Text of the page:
Teachers Needed for Research on Conceptions of Dis/ability

Please see the following call for research participants from NJCTE member Ashley Pollitt:

I am writing to let you know about an opportunity to participate in a research study about teachers’ conceptions of dis/ability. To participate, you will complete a questionnaire about your professional experiences, teaching background, and conceptions of dis/ability. The questionnaire should take between 20-30 minutes of your time to complete. If you are a high school special or general education literacy teacher who is over 18 years of age, you may be eligible to participate. If you have any questions about the study, please contact the principal investigator, Dr. Nicole Barnes, Professor in the Department of Educational Foundations, at Thank you for considering participation in this study. This study has been approved by the Montclair State University Institutional Review Board, Study no. IRB-FY20-21-2204.

Please click here to access the questionnaire.


Ashley Pollitt

Doctoral Candidate: Teacher Education and Teacher Development
Montclair State University

Teachers Needed for Research on Conceptions of Dis/ability

May News: President-Elect Valerie Mattessich, NJEJ Seeks Co-Editors

The NJCTE Nominating Committee, chaired by Susan Reese with members Joseph Pizzo and Nichol Warchol, congratulates president-elect Valerie Mattessich (Pascack Valley Regional High School)!
“In terms of vision, I’m thinking of a theme of ‘connection.’ I’d like to explore ways in which we can partner with a variety of people and other organizations, and ways to connect more teachers to each other regionally, to increase member engagement and provide fulfilling professional learning experiences.“

New Jersey English Journal Is Looking for New Co-Editors

Want to help edit the scholarly and creative journal of the New Jersey Council of Teachers of English? This is a great opportunity to do great work and collaborate with current editor Lauren Zucker. Please consider applying. Applications will be considered on a rolling basis, but we will begin to consider submissions after June 15.

May News: President-Elect Valerie Mattessich, NJEJ Seeks Co-Editors

NJCTE Congratulates 2021 Writing Contest Winners and Teachers

Congratulations to the many winners of our 2021 Writing Contest! This year, we had 231 entries! Forty new teachers submitted their students’ work (59 teachers in total). Thirty-one high schools participated.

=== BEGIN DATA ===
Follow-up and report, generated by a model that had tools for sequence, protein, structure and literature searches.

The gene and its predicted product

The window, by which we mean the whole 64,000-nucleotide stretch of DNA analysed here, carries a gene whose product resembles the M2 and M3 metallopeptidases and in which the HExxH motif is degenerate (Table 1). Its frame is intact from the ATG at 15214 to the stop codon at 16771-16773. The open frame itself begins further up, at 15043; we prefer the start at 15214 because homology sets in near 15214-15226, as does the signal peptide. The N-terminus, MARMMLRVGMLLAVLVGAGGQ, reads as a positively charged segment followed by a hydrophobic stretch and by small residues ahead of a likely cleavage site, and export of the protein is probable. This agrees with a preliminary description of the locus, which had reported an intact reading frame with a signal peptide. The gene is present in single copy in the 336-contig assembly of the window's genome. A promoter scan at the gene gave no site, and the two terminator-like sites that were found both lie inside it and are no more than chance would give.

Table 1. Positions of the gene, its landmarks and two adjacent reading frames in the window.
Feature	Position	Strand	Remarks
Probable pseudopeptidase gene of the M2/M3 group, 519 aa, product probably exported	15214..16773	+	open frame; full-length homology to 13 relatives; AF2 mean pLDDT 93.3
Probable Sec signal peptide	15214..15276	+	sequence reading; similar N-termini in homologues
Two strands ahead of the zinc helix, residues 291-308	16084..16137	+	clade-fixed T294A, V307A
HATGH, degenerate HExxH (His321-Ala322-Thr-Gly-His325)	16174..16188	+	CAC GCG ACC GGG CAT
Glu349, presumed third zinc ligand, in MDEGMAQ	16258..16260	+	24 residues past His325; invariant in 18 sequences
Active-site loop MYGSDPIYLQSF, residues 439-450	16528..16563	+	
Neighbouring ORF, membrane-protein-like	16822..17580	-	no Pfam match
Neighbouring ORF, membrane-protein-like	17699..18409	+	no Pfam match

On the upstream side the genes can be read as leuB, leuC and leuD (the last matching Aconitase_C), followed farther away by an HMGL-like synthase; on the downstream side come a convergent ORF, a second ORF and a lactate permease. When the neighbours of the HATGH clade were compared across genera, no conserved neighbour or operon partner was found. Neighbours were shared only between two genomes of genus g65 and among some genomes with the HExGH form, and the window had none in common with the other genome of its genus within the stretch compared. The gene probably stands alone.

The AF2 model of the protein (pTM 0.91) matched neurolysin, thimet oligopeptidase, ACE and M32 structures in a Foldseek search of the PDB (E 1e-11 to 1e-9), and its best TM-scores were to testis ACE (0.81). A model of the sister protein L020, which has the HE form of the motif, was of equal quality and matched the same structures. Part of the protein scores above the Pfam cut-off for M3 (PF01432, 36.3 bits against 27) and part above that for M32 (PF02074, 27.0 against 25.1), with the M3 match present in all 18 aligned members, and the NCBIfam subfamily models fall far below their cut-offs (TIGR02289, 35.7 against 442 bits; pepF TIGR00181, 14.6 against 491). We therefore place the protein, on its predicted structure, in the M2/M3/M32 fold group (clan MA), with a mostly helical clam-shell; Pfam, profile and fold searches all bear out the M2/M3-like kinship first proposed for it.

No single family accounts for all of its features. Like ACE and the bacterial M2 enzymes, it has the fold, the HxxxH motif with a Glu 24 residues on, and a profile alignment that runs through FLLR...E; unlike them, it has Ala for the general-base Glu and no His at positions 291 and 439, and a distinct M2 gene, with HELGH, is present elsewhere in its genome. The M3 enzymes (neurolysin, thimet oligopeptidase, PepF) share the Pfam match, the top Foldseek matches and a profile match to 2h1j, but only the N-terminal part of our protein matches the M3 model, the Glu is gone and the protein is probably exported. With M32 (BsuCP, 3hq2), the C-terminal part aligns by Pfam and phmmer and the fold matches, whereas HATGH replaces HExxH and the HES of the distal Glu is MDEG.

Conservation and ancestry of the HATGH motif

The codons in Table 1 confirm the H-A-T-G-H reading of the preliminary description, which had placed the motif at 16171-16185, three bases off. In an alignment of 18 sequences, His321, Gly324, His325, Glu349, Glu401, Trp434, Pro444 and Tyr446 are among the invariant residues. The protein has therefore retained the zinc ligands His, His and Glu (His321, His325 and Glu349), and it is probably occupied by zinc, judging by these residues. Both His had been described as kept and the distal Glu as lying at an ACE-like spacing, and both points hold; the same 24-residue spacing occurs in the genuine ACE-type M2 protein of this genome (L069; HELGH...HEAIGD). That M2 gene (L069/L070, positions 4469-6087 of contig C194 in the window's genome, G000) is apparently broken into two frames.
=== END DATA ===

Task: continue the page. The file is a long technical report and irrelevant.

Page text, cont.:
Five first-time teachers had winning submissions. There was heavy participation in the essay and poetry divisions.  A total of 20 judges assisted through multiple rounds.

Thanks to all the amazing students and teachers who submitted work, to the incredible volunteers who gave of their time in judging the contest, and to NJCTE Writing Contest Chair and Board Member Lynn Kelly!

Please join us in congratulating our winners!

1st Place- Essay
Title: “There Is Promise of Light Even in Darkness”
Student Name: Heather Roselle                  
School: Point Pleasant Borough High School
Teacher: Mrs. Lynn Thompson

2nd Place- Essay
Title: “More Than a Hashtag, More Than a Movement”
Student Name: Allanah Mednard               
School: Pascack Hills High School
Teacher: Jamie Marootian

3rd Place- Essay
Title: “A Tumultuous Time”
Student Name: Kieran Cunningham             
School: Morristown High School
Teacher: Claudine Priola

1st Place- Poetry
Title: “Elegy for My Stupid Brother in College”
Student Name: Catherine Park
School: Bergen County Academies
Teacher: Richard Weems

2nd Place- Poetry
Title: “Foraging”
Student Name: Kristen Park  
School: High Technology High School
Teacher: Kristy Agazarian

3rd Place Poetry
Title: “on the brown couch”
Student Name:  Rebecca Guzman
School: Bruriah School for Girls
Teacher: Rachel Zylberman

1st Place Fiction
Title“Mirror From the Past”
Student Name:  Celeste McKenzie            
School:  North Brunswick Township High School
Teacher: Carolyn Hassenkamp

2nd Place Fiction
Title: “Two Days, One Step”
Student Name: Tessa Rothman
School: Glen Ridge High School
Teacher: Allison Gallo

3rd Place- Fiction
Title: “Two Truths and a Lie”
Student Name: Gian Lee                  
School: Academy of the Holy Angels
Teacher: Nancy Schneberger

NJCTE Congratulates 2021 Writing Contest Winners and Teachers